Union Health Minister Ghulam Nabi Azad on Wednesday said the Indian regulatory regime governing clinical trials needs to balance the interests of all stakeholders.
Speaking to mediapersons after inaugurating the Baxter Global Research Center, located at Biocon subsidiary Syngene’s facility in Bangalore, Mr. Azad said, “The industry has complained that the regulations are too stringent, but there have also been complaints by parliamentarians, NGOs and others that they are too lax, which the Supreme Court had taken note of.”
“We are happy with the current balance between the different interests, but industry also needs to be happy,” Mr. Azad observed. “We have gathered from the (pharmaceutical) industry that the number of clinical trials being conducted in India has halved in recent years,” he pointed out. “While we are interested in the matter of patient safety, we also want to make sure that innovation is not hampered.”
Earlier Biocon Chairperson Kiram Mazumdar-Shaw said the industry hoped that the regulatory regime for clinical trials would allow innovation to proceed ‘unhindered and unhampered.’ Pointing out that there were “challenging aspects to drug discovery and innovation,” she said “The regulatory system needs both reform and reinforcement.”
Mr Keshav Desiraju, Secretary, Union Ministry of Health and Family Welfare, however, said, “We have found too many instances of Indian manufacturing facilities found wanting (in meeting regulatory norms in overseas markets), and this is a matter of concern.” Referring to the possibility that Biocon may move its projects outside India because of its dissatisfaction with the drug trial regime in India, Mr. Desiraju said this would result in increased costs, which his ministry would ‘regret greatly.’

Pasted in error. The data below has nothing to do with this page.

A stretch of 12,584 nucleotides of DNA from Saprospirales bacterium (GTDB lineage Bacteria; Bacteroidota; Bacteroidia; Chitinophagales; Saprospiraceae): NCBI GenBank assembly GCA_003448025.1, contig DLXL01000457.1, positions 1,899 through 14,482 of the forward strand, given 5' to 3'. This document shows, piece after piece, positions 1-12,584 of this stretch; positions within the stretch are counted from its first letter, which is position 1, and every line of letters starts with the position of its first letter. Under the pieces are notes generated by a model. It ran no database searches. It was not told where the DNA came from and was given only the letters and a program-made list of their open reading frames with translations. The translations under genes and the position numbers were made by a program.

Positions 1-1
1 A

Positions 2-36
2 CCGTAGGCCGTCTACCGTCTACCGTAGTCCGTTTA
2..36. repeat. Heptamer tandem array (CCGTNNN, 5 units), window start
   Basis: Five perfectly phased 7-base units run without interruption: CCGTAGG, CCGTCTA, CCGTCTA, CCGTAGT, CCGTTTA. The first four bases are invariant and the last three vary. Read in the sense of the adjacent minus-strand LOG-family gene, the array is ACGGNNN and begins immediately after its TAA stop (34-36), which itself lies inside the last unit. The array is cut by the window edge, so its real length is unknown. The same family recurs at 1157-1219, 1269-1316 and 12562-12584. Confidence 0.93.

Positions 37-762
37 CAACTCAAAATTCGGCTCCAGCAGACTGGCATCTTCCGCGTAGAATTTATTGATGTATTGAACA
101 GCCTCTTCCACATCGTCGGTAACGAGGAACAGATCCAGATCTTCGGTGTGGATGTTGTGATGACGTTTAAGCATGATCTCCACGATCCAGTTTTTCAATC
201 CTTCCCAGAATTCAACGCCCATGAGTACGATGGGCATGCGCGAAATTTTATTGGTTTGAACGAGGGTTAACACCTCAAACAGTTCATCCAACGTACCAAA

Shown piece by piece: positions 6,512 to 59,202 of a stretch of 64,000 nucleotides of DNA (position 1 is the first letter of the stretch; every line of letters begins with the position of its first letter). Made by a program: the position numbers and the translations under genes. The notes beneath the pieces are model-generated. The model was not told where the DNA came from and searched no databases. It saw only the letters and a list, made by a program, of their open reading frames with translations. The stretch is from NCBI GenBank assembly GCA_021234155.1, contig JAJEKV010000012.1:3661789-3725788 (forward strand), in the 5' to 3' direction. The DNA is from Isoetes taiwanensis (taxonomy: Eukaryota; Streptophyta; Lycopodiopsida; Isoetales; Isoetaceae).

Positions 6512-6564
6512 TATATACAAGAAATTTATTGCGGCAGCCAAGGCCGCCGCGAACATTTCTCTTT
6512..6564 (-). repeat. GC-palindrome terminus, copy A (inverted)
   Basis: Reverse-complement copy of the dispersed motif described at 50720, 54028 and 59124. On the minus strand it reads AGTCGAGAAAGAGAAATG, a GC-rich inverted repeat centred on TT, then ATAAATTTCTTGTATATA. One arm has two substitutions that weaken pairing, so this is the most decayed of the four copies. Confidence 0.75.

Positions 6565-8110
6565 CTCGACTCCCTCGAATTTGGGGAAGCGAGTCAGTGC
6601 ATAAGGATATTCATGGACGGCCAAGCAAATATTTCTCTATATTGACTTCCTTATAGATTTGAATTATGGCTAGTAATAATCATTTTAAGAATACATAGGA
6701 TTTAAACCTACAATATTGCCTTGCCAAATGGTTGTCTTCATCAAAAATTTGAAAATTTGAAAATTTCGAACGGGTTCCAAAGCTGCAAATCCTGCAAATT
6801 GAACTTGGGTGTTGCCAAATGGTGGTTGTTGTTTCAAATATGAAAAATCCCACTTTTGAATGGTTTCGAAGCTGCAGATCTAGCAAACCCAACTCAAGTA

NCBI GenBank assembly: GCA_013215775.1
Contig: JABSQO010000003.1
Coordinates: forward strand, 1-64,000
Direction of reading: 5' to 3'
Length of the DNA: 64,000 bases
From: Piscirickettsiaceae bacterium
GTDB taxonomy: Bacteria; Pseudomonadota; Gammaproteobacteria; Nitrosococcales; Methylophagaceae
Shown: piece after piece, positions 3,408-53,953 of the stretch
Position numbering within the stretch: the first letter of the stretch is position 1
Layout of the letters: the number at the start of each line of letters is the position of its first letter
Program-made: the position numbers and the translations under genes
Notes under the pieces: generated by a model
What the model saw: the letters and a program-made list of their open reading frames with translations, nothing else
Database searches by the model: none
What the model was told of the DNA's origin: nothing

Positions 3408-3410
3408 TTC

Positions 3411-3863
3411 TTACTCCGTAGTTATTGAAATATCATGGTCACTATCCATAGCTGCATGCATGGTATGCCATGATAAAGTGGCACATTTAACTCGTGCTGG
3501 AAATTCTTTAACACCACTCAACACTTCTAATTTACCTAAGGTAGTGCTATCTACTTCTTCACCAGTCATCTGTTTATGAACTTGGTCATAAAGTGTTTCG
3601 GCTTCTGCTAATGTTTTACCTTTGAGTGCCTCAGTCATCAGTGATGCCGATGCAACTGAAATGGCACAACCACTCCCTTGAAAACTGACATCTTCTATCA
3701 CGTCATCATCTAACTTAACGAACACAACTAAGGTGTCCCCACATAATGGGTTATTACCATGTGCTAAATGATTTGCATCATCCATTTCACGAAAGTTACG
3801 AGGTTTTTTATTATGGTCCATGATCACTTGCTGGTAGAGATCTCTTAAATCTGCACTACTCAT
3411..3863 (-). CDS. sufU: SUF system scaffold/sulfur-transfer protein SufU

Industry would need to remain engaged in a dialogue with his ministry on the matter, he said. “While it is not our intention to impose unrealistic barriers on industry, it is equally our intention not to take risks, which may compromise the safety of the subjects of clinical trials,” Mr. Desiraju said. “
All those who have followed the debate know that the cause of drug development is not privileged over the cause of patient safety,’ he remarked.
The new facility will house 100 multidisciplinary scientists from Baxter International, an American healthcare company and Syngene, the Biocon arm that specialises in custom research and manufacturing. Ms. Mazumdar-Shaw pointed out that the Syngene’s facility in Bangalore, which hosts more than 3,000 professionals, is the single biggest cluster for research in life sciences in the world.
Mr Jean-Luc Butel, Corporate Vice president- International, Baxter, said the new facility would enable the development of cheaper and high quality drugs for patients around the world.